Wireless Sensor Networks (WSNs) are believed to be one of the emerging technologies that would change the world. WSNs can be used in a wide range of potential applications in both military and civil. Since sensor nodes are battery powered, energy efficiency is of primary concern in WSNs. To prolong a sensor network lifetime, energy efficiency must be considered in almost every aspect of sensor network design. In this talk, I will address the maximum lifetime coverage problem, which is to maximize network lifetime while a sensor network performs the coverage tasks. I will present a novel mathematical model and a Linear Programming based algorithm to approximate the solution of this problem. I will also acknowledge the relation between this problem and the domatic number problem.

In addition, toward the end of this talk, I will highlight some important results of my other work in both wireless networks and computational biology.

 


Wednesday, February 8th 2006, 5:00pm, Ungar 411

 

Christian Duncan
Department of Computer Science
University of Miami

will present

The Visualization of Information

The drawing of information, often represented as a graph, onto a medium such as a computer screen is a fundamental yet challenging problem in computer science. The algorithms developed incorporate techniques from computational geometry, graph theory, optimization, and computer graphics.

In general, the underlying problem is to take a graph composed of vertices and edges between the vertices and place (embed) these vertices and edges on the screen in a visually appealing and informative manner. The precise definition of "appealing" and "informative" are of great debate in the graph drawing community, but certain standards are almost universally accepted. For example, graphs with multiple edge crossings are considered less appealing and more confusing than similar graphs without any crossings.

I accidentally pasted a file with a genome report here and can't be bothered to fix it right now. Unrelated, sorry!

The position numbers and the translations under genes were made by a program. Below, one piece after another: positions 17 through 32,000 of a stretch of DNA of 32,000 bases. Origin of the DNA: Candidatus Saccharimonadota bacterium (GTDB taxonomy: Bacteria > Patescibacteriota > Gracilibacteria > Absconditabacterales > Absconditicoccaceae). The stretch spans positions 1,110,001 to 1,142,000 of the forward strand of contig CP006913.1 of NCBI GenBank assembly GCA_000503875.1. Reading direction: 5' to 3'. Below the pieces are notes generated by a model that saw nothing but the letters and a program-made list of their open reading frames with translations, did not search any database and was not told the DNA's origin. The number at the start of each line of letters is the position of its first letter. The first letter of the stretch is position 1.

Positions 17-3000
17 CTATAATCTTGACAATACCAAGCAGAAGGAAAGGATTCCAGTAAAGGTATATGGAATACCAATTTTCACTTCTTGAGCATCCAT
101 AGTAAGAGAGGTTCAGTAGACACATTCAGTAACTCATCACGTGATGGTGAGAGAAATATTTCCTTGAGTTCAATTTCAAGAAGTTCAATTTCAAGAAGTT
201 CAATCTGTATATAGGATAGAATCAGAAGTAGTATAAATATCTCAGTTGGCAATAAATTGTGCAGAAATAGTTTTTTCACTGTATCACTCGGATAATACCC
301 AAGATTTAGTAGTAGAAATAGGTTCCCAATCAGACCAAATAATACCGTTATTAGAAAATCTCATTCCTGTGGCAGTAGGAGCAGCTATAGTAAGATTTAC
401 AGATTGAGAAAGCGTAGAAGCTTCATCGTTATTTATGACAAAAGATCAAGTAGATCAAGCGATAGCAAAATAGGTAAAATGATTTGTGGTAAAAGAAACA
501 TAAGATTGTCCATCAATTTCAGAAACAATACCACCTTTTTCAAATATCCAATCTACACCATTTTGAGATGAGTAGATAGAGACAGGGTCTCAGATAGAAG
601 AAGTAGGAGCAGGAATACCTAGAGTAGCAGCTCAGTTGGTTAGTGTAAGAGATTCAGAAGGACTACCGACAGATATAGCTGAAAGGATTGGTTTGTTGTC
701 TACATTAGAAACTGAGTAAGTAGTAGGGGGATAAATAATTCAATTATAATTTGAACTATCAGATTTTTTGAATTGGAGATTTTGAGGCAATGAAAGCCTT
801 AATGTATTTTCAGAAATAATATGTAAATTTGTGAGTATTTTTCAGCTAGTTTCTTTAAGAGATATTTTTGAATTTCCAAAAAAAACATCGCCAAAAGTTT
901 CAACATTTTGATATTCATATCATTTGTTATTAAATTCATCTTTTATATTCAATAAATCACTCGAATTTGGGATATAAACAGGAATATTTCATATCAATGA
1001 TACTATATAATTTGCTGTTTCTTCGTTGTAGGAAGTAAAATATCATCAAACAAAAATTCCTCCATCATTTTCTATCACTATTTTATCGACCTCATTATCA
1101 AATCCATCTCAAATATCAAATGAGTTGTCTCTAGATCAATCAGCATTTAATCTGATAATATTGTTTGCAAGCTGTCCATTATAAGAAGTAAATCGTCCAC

In this talk, we shall introduce the area of graph drawing, give a brief description of basic results and problems in the field, and discuss some of our own recent results particularly in the area of simultaneous graph embeddings.

This is another in the Departmental Pizza Seminar series.

 


Wednesday, January 18th 2006, 4:30pm, Ungar 411

 

Dr Sawsan Khuri
The Dr. John T. Macdonald Foundation Center for Medical Genetics
Miller School of Medicine
University of Miami

will present

Bioinformatics as Relevant to Medical Genetics

Bioinformatics has become a buzz word to mean almost anything and everything to do with the interface of computers and biology. From the perspective of the discipline of Medical Genetics, there are two clear applications for this interface. One is in the database arena, linking a patient's genetic and family history information with data on the disease or syndrome that this patient presents with. The second is in understanding how a genetic problem actually translates to a disease. In other words, analysis of the gene sequence, of the protein that this gene makes, and of how this gene is switched on and off. These methods fall mostly under the title of "genomics", and have had a meteoric rise since the completion of the human genome sequence. This talk will summarize the advances made in bioinformatics for Medical Genetics, and highlight the areas where there is room for improvement.

This is another in the Departmental Pizza Seminar series.

 


Wednesday, December 14th 2005, 5:00pm, Ungar 402

 

Dean Felch
Department of Computer Science
University of Miami

will present

Online Medical Record Security